We had ridge reamers and piston ring compressors.

    Once in our shop, they had pulled the head off a Honda that had blown it's head gasket after 250,000 miles. There was no ridge at all at the top of the cylinder bores! Amazing to me!

    Your last sentence sums thing up pretty well.

    I guy I know has about a half dozen old cars. all Fords and Mercurys from the 50's.

    One of these cars is a 53 Merc Convertable that he probably drives less than 1000 miles a year. He drives it on nice days and to the local car shows. It only has, I think, around 60,000 miles on it and it's in need of an overhaul.

    The old flathead starts right up, runs well and has plenty of power. I smokes a bit and uses a quart of oil every 300-500 miles according to him but so what?

    It works just fine as it is and he doesn't care. I know I wouldn't either.
  • Mr_ShiftrightMr_Shiftright Member Posts: 64,481
    Exactly. If your classic Studebaker breaks down next week on the way to the car meet, you just call a tow truck on your cell phone, drag it home, and then hop in your modern car. You hardly miss a beat. But in the 1950s, most families did not have two cars. If your car broke down, you walked or got driven around by a friend. (people had leisure time back then to help out neighbors).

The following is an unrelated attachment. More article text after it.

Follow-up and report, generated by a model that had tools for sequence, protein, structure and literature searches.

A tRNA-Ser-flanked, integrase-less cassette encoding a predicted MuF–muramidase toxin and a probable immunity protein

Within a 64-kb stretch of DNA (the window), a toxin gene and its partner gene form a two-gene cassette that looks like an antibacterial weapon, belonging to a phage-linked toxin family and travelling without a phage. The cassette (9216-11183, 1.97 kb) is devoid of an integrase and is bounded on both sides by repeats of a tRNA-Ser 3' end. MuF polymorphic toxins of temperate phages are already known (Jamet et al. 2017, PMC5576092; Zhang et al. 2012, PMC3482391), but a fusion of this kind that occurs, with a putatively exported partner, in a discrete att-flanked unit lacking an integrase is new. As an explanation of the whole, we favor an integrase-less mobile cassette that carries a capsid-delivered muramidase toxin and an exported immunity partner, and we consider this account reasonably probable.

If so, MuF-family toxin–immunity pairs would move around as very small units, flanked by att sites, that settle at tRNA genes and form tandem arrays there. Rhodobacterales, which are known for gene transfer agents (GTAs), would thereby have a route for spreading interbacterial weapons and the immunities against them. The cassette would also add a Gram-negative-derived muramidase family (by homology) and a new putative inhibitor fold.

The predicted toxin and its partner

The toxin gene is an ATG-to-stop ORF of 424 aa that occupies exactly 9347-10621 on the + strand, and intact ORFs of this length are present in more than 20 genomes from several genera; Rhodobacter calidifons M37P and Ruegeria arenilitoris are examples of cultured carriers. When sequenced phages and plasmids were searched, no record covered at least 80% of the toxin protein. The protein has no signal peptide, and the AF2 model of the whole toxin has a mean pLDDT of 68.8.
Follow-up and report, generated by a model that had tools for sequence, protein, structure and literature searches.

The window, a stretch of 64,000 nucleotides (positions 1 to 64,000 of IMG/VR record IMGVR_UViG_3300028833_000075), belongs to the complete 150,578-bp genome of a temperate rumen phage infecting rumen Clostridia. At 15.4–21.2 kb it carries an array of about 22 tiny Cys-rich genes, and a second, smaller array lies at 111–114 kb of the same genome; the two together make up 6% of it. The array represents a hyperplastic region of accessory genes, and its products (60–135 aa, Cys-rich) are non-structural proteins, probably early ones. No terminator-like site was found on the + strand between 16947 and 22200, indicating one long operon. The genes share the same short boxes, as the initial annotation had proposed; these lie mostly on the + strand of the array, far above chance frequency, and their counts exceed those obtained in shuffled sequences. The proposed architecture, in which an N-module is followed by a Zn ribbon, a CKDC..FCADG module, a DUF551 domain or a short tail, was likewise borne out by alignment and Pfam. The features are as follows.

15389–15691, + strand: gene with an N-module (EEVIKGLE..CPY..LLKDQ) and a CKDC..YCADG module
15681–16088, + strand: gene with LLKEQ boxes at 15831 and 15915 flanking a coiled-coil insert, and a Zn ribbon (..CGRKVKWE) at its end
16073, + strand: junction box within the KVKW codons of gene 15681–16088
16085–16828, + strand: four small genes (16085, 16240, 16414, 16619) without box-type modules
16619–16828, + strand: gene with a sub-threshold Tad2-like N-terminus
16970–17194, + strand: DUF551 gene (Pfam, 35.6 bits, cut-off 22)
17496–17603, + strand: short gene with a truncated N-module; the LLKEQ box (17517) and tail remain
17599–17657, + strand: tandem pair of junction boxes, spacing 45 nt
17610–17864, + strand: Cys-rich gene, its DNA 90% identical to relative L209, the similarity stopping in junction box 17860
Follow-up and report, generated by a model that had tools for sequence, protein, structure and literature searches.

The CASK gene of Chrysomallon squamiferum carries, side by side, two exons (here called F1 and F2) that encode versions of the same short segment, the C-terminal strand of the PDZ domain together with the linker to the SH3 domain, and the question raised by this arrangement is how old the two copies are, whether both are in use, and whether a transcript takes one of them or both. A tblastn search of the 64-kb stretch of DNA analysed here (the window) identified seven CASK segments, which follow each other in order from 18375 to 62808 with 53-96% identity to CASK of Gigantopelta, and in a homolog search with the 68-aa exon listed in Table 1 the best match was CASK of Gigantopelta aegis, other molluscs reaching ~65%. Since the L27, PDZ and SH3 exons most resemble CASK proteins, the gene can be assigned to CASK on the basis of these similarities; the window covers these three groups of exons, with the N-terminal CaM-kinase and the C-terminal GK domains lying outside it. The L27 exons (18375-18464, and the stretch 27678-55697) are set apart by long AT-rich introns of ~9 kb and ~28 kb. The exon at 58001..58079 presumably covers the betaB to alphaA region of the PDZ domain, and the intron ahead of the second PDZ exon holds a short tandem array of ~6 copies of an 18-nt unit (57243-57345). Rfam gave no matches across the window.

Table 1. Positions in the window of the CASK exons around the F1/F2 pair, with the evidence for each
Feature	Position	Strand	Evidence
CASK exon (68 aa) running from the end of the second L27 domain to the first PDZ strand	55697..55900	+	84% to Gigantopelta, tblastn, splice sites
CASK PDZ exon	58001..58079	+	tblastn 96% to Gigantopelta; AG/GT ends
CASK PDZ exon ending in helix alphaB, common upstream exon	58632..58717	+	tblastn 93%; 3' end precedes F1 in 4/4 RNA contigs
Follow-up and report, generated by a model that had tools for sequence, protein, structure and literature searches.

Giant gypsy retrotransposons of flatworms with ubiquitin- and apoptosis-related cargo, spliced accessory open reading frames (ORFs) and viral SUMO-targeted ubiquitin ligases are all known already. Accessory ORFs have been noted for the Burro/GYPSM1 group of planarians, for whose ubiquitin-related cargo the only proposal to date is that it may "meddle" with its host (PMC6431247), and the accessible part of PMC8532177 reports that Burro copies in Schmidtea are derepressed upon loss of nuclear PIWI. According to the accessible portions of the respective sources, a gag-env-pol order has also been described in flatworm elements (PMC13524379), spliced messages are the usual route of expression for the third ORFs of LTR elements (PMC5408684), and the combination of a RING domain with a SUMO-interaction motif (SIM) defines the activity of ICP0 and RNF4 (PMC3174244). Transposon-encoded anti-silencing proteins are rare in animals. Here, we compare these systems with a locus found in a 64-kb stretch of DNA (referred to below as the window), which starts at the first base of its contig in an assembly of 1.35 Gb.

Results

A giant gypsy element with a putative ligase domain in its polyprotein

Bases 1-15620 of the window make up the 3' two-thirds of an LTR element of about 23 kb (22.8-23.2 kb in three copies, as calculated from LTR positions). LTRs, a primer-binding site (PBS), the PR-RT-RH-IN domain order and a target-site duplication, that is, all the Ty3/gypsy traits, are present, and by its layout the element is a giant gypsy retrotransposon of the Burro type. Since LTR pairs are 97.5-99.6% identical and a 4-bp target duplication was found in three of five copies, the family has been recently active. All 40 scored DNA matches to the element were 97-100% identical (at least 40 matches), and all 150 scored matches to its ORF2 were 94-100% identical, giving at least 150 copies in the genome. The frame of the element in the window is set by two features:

• uplanderguyuplanderguy Member Posts: 15,971
    I typically put about 1,000 a year on my R1 and 500 on my 259, but I think the current Studebaker hobbyist drives their cars more than other old-car buffs. People take that part of the Studebaker DRIVERS Club seriously, and many will good-naturedly or otherwise, put down Stude drivers who don't drive their cars daily or otherwise often, or only trailer to meets.

    Until he died about ten years ago, I actually knew an old guy who had no other daily driver besides a couple Studebakers...both late-models with Stude V8's.
  • isellhondasisellhondas Member Posts: 20,342
    Hey Shifty...

    Do you remember how far you could rebore a flathead V-8?

    I remember an old house painter that had a Model A pickup that he bought new.

    He used that truck until the mid-seventies when he retired.

    I remember him telling me it had been rebored four times and the guy in the machine shop told him it could be rebored one more time.

    Elmer Sockerson was his name. He carried a hip flask that he took a swig from several times a day. " To kill the fumes"
  • fintailfintail Member Posts: 57,000
    That's the fun of old cars. Little things can slide. Along with the valve issue, my car has a little oil leak...I recently had it diagnosed and it isn't a huge job, under $500 to fix. But,as I drive it maybe 1000 miles a year and there are other things I want to do first, I will put it off.
  • isellhondasisellhondas Member Posts: 20,342

    Just keep an eye on that oil leak in case it decides to suddenly worsen.

    Looking back on some of the cars I owned as a youngster, I can't began to imagine what it would have cost to make everything near perfect!